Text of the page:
I went out into the garden today to see if the balmy warm (+18 C) weather brought out any new flowers or green shoots. Sure enough, more bulbs were pushing their spiky green leaves into the air. Then, behind the leafless lilac I spotted something that I did not plant last fall, or even the fall before that. I could not believe my eyes. There it was -- a solitary single-flowered snowdrop -- planted in the fall of 2004 before I had learned from a wizened old garden sage that snowdrops "don't grow around here". So here we are 3 years later, with the bulb marker long since removed. Snowdrops (Galanthus nivalis) are supposed to be hardy to zones 3-9 and planted in shady areas. Clearly, they don't thrive here, but I am impressed with the bulb's ability to be a recluse for so long only to make an appearance 3 years later! I don't know much about snowdrops other than seeing carpets of them in Vancouver. However, a quick search of the internet reveals that there are people calling themselves galanthophiles -- there really is a fan club for everything!

Tuesday, April 24, 2007

Lake Ice and Crocuses

This is the paradoxical state of weather currently in La Ronge: The sun is shining, my crocuses and dwarf irises are in full bloom, snowmobiles cruise by on the lake ice, and it will be another month until all the ice is melted.

Our snow-munching doggy is now sleeping at the foot of the largest spruce tree in the backyard. While this habit makes her smell forest-fresh, the sticky spruce gum on her nose attracts dirt and looks terrible. Oh well.

I just had to post a few more pictures of the crocuses. They are lovely yet so fleeting.

Sunday, April 22, 2007

Baby Diaper Horticulture

This is a very scientific article, based on my mucking-about this afternoon:

Title: Baby diaper components and container gardening.

Abstract: Baby diapers may contain the solution to all our garden woes! Enterprising companies label super-absorbent polymers as beneficial additives to keep soil moist in containers for up to 5 years. However, I found out that the commercial horticultural product (Soil Moist) may be an easier and cheaper way to obtain super-absorbent polymers compared to obtaining them from the small diapers I used in this experiment.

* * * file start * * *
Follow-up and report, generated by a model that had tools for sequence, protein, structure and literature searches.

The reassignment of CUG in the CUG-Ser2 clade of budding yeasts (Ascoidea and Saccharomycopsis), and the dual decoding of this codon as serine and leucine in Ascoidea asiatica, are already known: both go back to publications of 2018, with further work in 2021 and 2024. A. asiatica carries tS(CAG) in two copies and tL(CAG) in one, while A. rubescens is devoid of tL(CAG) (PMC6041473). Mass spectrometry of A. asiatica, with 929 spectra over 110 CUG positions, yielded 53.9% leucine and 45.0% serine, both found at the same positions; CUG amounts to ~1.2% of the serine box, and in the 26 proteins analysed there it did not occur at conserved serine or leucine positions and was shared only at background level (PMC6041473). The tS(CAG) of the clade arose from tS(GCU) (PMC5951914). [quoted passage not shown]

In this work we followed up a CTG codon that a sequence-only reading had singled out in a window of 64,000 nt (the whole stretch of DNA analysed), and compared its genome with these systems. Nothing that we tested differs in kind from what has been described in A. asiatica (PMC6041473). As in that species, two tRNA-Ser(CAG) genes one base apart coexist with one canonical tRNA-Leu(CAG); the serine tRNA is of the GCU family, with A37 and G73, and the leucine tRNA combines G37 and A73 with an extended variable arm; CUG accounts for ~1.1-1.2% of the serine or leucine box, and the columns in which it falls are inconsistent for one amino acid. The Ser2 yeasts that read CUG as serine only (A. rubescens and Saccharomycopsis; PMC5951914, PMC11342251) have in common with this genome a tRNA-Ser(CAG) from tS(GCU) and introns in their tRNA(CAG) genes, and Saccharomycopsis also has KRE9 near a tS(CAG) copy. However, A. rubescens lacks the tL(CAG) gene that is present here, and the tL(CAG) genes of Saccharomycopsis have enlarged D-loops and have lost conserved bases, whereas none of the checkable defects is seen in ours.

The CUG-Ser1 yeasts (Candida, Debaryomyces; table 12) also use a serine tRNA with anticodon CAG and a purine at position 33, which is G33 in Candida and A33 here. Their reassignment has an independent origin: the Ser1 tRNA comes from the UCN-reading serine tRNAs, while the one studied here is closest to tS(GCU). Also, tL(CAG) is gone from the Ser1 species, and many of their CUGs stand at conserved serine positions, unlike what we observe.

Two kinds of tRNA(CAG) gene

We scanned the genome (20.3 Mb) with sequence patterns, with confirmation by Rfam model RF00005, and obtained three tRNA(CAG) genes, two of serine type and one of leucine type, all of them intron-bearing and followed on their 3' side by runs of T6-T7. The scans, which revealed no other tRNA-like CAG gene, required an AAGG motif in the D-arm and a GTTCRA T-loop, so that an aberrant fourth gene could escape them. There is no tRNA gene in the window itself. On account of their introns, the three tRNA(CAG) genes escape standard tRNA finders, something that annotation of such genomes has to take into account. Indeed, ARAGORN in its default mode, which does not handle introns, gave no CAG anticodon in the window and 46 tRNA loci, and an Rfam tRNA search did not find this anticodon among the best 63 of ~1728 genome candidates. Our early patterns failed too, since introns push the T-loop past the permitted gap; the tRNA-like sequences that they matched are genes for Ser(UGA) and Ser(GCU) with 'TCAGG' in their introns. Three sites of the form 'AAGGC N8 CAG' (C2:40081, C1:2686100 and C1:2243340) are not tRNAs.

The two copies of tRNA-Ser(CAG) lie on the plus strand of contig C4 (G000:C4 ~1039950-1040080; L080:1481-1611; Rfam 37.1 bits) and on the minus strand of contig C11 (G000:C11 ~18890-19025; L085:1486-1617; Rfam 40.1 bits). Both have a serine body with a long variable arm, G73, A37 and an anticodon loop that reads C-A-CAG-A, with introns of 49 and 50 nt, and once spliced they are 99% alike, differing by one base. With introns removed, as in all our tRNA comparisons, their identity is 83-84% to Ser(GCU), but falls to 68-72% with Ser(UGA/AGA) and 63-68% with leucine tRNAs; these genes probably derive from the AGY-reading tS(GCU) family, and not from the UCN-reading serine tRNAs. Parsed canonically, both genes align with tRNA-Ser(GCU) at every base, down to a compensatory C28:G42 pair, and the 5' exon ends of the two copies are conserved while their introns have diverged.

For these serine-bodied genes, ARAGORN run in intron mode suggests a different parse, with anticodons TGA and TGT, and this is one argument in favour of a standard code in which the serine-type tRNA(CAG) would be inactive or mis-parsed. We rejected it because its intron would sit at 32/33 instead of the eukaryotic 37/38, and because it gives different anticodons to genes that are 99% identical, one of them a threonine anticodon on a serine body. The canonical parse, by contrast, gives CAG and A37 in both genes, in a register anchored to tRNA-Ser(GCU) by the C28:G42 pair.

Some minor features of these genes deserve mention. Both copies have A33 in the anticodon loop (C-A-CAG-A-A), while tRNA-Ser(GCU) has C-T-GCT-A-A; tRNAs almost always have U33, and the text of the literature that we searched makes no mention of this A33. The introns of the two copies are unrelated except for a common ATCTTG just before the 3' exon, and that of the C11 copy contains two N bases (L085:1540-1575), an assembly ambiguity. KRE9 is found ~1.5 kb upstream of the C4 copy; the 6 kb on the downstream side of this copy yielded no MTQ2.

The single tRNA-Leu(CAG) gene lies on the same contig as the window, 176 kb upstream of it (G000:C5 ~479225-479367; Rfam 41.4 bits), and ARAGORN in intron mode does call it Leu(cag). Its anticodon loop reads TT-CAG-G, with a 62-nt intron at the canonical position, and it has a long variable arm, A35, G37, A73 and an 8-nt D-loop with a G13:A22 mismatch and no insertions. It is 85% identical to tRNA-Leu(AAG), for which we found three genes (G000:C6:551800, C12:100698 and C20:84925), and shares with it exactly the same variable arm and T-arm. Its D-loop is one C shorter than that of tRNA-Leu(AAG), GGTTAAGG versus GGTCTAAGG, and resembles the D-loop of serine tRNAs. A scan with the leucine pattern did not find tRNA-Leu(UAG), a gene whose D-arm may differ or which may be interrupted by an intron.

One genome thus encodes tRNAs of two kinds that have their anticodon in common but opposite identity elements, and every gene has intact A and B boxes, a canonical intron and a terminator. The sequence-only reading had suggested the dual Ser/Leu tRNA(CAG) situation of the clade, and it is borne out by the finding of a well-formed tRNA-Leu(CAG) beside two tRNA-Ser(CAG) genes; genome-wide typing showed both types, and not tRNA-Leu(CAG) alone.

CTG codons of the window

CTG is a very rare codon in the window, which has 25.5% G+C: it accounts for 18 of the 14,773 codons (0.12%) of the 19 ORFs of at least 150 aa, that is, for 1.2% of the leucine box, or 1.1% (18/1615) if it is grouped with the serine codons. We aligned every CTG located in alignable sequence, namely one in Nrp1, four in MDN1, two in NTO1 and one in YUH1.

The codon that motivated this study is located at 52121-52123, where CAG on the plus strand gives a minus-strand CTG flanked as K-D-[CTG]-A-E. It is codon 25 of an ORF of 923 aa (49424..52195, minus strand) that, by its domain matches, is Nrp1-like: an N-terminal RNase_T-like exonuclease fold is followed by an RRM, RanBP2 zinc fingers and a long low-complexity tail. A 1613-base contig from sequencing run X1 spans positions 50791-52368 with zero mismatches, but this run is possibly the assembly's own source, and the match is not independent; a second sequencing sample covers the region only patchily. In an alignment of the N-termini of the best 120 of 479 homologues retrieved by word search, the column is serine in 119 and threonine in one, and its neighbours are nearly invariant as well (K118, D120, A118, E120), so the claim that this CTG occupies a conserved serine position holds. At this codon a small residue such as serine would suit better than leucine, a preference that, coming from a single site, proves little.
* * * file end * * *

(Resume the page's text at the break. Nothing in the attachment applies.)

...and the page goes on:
Introduction: Super-absorbent polymer gels are used for many commercial purposes, including protection of buildings from fire, fluid absorption in baby diapers, and retaining moisture in soils. I can't help but notice that baby diapers seem to absorb fantastic amounts of liquid. These gels are known to hold 30 times their weight in liquids. Apparently, diapers contain granules of sodium polyacrylate.

Recently, I was compelled by slick marketing that the answer to my parched patio containers was a product called "Soil Moist". Their product contains granules of one of these super-absorbent polymers, namely crosslinked polyacrylamide. My question? Am I being ripped off by buying this chemical as a horticultural product when I could just be putting baby diapers in with my potted petunias?

Materials and Methods: I dissected a number 1 size Pampers Swaddlers baby diaper, revealing some white cotton-like fluff and salt-like grains of clear material assumed to be the polymer. The deconstruction of the diaper was a little harder than I had anticipated. I wondered if the white fluff I was inhaling might someday cause "diaper lung"or if the white crystalline powder on the bathroom counter might raise suspicion that I have a drug problem.

After trying to separate the crystals from the fluff, I had about 2 grams of crystals (measured on the kitchen digital scale). The diapers came in a pack of 66 and cost about $20.00, which would be about $0.30 per diaper. I put the diaper crystals in a cup and then added 60 mL aliquots of water and then photographed the crystals after having absorbed the water. I added a total of 480 mL and the gel completely absorbed all the water. I didn't bother adding any more water after that for complex scientific reasons (the cup was full and couldn't hold any more).

I ordered a 200 g jar of "Soil Moist" online from Veseys for $11.95 CAD. The container says it contains a minimum of 90% polyacrylamide.

Results: After doing some really complex (for a weekend anyways) calculations: I figured that you would need about $30.00 worth of diapers to get 200 g of crystals. Therefore, it is cheaper to buy the Soil Moist product, if the two polymers are comparable in action. However, if the diapers were to contain 5 g of available polymer, the costs would be the same. I'm sure bigger diapers contain more. I guess we'll have to wait till the household's "littlest gardener" grows a bit.

Discussion: This very scientific study may have a few flaws:
1. Picking white crystals out of baby diapers with my fingernails may underestimate the amount of crystals in a diaper.
2. The polymer in diapers is not the same as the crystal in the plant product.